Nature can play an important role in protecting your property. By working with nature you can decrease property maintenance time and cost, provide protection from natural forces (i.e., waves, flooding, etc.), help clean polluted water, and provide habitat for native wildlife.
In this Guideline:
References for Guideline 2
Tree Owner’s Manual – National Edition, 40 p, USDA Forest Service, July 2010.
Vegetative Management: A Guide for Puget Sound Bluff Property Owners, Elliott Menashe, 46 p, Washington State Dept. of Ecology PUB 93-31, May 1993.
Cass Turnbull’s Guide to Pruning, 3rd Edition, Cass Turnbull, 384 p., Sasquatch Books, Nov. 2012.
Improving Your View while Protecting Your Trees
The most beautiful views in Washington State can be found on or near the Puget Sound shoreline. Attempting to maintain these views are one of the main reasons people cut or top trees. Cutting and topping trees can cause bigger problems than they solve. Alternatives are available.
Benefits of retaining trees:
Trees help stabilize the land. Roots hold sand and soil in place, as well as take up large amounts of water that may otherwise flow down the face of the slope. Leaves and needles intercept and slow rain as it falls to the ground. These both help minimize the effects of erosion and the potential for slides. Trees, shrubs, and groundcovers help prevent some invasive plant species from becoming established.
Problems caused by topping or cutting trees:
Removing the top or crown of the tree lowers its vigor and leaves it susceptible to various diseases, funguses, and insect harm. This can ultimately lead to tree mortality and blowdown. Topping can also activate branch buds causing multiple shoots to pop up quickly below each cut in the tree’s effort to regain lost energy. The shoots can reach the previous height within two years, requiring continuous topping and associated dangers.
Alternatives to topping or cutting trees:
When it is absolutely necessary to prune a tree to preserve a view, there are a few recommended alternatives that cause the least amount of harm to the tree including windowing, interlimbing or skirting up. It is best to hire a professional arborist who has a trained crew with required safety equipment and liability insurance. This is especially good advice when working with tall trees or near a bluff. An arborist should be certified by the International Society of Arboriculture (ISA). Consider asking for bids, using the American National Standards Institute (ANSI) A-300 National Tree Pruning Standards. That way you are covered against damages and can compare bids easily. Remember that most local governments have some restrictions about tree removal within a buffer zone and there may be other restrictions including homeowner association rules or covenants.
There are big differences in how to prune a conifer and a broad-leaf tree. It is important when pruning a conifer, to retain at least 60% of its crown to keep it healthy. When conifer limbs are cut to open a view, that view will always be preserved, as the limbs maintain the same distance from the ground as the tree grows. When the tree increases in height, the growth is always at the top of the tree. The trunk may increase in girth, and the limbs may become thicker and longer, but they maintain the same height from the ground. Pruning of broad-leaf trees is time-consuming and difficult because they can re-sprout easily.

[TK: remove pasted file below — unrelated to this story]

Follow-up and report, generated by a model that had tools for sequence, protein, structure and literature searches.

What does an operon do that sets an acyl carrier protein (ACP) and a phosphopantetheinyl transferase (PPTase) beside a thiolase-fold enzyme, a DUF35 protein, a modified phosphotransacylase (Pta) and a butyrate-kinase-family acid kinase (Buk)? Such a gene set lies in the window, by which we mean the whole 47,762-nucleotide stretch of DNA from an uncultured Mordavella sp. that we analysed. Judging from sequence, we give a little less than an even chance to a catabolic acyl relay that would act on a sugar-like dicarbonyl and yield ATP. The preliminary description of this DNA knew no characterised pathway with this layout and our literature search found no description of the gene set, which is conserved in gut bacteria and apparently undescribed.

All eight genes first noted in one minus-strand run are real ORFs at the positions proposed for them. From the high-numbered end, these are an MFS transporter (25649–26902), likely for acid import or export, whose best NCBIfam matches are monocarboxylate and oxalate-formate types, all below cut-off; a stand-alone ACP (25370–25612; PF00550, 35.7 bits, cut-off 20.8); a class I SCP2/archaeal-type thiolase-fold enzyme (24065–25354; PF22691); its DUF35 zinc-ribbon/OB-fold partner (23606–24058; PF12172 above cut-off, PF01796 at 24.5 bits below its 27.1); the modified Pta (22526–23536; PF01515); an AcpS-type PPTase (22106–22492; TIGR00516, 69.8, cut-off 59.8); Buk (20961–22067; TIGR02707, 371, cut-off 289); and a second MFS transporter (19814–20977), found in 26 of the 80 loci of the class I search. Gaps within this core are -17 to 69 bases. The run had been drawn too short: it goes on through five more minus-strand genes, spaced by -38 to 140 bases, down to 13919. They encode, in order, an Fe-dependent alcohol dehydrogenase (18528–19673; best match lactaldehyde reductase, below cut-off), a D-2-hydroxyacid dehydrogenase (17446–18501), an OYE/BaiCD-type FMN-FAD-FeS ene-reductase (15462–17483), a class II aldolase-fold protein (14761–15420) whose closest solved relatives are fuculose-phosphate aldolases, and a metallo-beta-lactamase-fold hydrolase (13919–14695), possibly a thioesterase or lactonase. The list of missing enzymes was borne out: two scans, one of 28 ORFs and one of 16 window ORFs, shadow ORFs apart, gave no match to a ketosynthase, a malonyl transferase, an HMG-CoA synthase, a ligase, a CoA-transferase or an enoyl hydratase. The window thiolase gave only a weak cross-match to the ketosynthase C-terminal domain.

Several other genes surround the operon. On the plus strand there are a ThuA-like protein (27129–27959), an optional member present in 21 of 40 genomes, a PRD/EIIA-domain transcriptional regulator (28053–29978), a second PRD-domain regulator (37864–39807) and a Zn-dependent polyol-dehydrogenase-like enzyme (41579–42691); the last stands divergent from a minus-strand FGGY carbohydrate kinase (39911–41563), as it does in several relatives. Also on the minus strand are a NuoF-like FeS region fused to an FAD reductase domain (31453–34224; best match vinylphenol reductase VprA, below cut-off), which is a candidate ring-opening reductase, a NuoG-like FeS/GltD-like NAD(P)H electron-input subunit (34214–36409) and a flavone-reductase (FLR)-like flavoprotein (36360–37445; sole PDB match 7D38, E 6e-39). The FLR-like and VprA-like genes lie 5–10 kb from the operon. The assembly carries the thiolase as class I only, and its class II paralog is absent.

Retaining Rain On-Site
Another great way to use nature for your benefit is to collect rain to water your landscaping using rain cisterns. Rain gardens or permeable paving choices that allow water to flow through into the soil rather than run off the surface help to keep pollutants out of our waterways. These techniques are discussed in more detail in Guideline 4.
Keeping a Buffer along the Water’s Edge
One of the ways you can put nature to work is to maintain a buffer of native vegetation along your bluff or shoreline. Buffers provide a transition between aquatic and upland areas and provide a number of important benefits to you and our waterways. Vegetation helps stabilize slopes and bluffs, and can calm heavy wave action, reducing the need for expensive bulkheads. Along streams, the vegetation in the buffer can help prevent erosion and slow damaging floodwaters. Healthy buffers can protect water quality by filtering out sediment and pollutants such as nitrogen, phosphorus, heavy metals, pesticides, harmful bacteria, and other pathogens common in runoff from streets, homes and agricultural areas. Buffers also provide shade, food sources, and habitat for birds, fish, wildlife and essential insects such as pollinators. Buffers require little in the way of irrigation or maintenance once the plants are established. Additional information on shoreline buffers can be found in Guideline 5 and on streamside buffers in Guideline 6.